* Documentary has first public viewing in Geneva
* Sri Lanka government sought to halt screening
* Film depicts horrific scenes from 'No Fire Zone'
* Filmmaker Macrae says it is a "call to action"
By Stephanie Nebehay
GENEVA, March 1 (Reuters) - A documentary purporting to show the execution of civilians and other war crimes committed by the Sri Lankan army had its first public screening on Friday but was swiftly rejected by the government as part of an "orchestrated campaign" against it.
The documentary "No Fire Zone: The Killing Fields of Sri Lanka" is the third by British journalist and director Callum Macrae about the final stages of the nearly 30-year civil war.
"We see it as a film of record, but also a call to action," Macrae told a news briefing. "All of it is genuine. It is evidence of war crimes and I have to warn you it is pretty horrific."
Tens of thousands of civilians were killed in 2009 in the final months the war, a U.N. panel has said, as government troops advanced on the ever-shrinking northern tip of the island controlled by Tamil rebels fighting for an independent homeland.
The film depicts terrifying scenes from the territory held by the Tamil Tiger rebels just before their defeat in May 2009. In the so-called "No Fire Zone" declared by the army, rights groups say soldiers killed thousands of Tamil civilians by heavy shelling and massacres yet perpetrators have gone unpunished.
"The Tigers are guilty of war crimes, guilty of using child soldiers and preventing civilians from leaving, so they are complicit in some ways in what happened," Macrae told reporters.
Sri Lanka's government this week formally protested against the film's screening on U.N. premises on the sidelines of the Human Rights Council. The event, organised by activist groups seeking an international inquiry into atrocities by both sides, was allowed to proceed.
"By providing a platform for the screening of this film which includes footage of dubious origin, content that is distorted and without proper sourcing and making unsubstantiated allegations, the sponsors of this event seek to tarnish the image of Sri Lanka," Ravinatha Aryasinha, Sri Lanka's ambassador to the United Nations in Geneva, told the audience on Friday.
Aryasinha - who did not attend the viewing but entered just after the 90-minute film ended - said: "It will take a few days, possibly weeks, before experts in the field would be able to ascertain the true facts about the contents of this film."
Colombo considered the film as "part of a cynical, concerted and orchestrated campaign that is strategically driven and aimed at influencing debate in the council on Sri Lanka," he said.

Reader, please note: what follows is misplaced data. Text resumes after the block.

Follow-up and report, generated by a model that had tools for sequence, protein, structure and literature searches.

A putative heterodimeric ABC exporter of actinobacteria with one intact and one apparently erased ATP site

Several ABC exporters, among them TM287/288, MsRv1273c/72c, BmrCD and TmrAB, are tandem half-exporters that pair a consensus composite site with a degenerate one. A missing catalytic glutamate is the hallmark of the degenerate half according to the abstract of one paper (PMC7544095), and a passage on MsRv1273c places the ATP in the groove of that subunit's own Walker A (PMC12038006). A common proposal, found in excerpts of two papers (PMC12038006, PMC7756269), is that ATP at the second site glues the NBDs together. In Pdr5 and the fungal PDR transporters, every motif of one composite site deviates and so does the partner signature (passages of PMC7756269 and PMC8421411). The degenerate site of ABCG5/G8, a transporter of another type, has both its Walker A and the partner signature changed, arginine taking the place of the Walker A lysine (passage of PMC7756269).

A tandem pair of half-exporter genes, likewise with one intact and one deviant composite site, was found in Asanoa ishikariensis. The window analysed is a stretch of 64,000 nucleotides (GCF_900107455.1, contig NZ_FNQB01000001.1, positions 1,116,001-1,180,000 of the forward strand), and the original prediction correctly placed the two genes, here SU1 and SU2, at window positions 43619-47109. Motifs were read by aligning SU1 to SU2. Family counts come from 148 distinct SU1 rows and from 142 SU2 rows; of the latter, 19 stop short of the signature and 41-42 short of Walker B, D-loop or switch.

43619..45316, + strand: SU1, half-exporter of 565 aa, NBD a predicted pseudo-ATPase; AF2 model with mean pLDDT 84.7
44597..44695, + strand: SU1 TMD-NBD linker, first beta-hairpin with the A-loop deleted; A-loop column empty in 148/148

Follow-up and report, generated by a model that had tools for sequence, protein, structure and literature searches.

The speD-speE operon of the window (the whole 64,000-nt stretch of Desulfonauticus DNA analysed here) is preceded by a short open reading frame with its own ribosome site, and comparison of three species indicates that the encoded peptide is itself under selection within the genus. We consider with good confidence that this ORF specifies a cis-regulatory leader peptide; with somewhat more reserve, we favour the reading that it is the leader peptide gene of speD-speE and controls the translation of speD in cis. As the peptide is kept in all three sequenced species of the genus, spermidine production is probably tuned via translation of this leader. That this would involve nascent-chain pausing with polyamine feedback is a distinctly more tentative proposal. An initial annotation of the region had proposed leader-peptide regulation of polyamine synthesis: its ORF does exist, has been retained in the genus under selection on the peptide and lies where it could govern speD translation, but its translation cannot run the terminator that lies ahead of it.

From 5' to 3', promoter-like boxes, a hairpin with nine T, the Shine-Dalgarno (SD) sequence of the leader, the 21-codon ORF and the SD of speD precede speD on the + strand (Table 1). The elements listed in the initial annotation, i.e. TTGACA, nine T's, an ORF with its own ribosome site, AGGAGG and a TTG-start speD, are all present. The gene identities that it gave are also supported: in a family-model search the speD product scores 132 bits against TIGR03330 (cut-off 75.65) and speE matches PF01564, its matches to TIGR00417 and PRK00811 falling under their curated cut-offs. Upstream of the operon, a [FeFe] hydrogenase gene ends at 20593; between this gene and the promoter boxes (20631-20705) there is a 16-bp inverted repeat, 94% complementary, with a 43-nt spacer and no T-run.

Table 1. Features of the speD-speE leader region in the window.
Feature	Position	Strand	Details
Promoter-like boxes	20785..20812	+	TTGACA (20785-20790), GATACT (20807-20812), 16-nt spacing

Some footage of troops executing naked and blindfolded prisoners are from "trophy videos" taken by government soldiers on mobile phones, according to Macrae, whose two previous films on Sri Lanka's civil war were broadcast by Britain's Channel 4.
Balachandran Prabhakaran, a 12-year-old son of the slain Tamil Tiger founder Velupillai Prabhakaran, is shown in a series of photographs in the last hours of his short life.
"We first see him inside a military vehicle, next we see him eating a snack and then dead with a gunshot wound to the head. We see from his clothes that he was dragged outdoors to an improvised funeral pyre and his body was burned just outside the building where he was shot, therefore destroying the evidence," forensic pathologist Derrick Pounder says in the film.
Rights groups and a member of a U.N. expert panel set up by U.N. Secretary-General Ban Ki-moon said the footage corresponded to evidence they had gathered from the conflict.
The panel, whose findings have been rejected by the Sri Lankan government, said the army committed large-scale abuses and that as many as 40,000 civilians were killed in the last months of the conflict.
"I believe that most of the footage in the film can be corroborated. In fact in our report you find references to many things you see in the documentary," Yasmin Sooka, a member of Ban's panel, told Reuters after attending the screening.
Julie de Rivero, director of the Geneva office of Human Rights Watch, one of the organisers, said: "The Human Rights Council cannot continue to ignore the call for an independent international investigation into war crimes that were committed.
"All our investigations corroborate what is shown in this film, that civilians were indiscriminately targeted, that thousands and thousands and thousands of them died unjustly." (Reporting by Stephanie Nebehay; Editing by Rosalind Russell)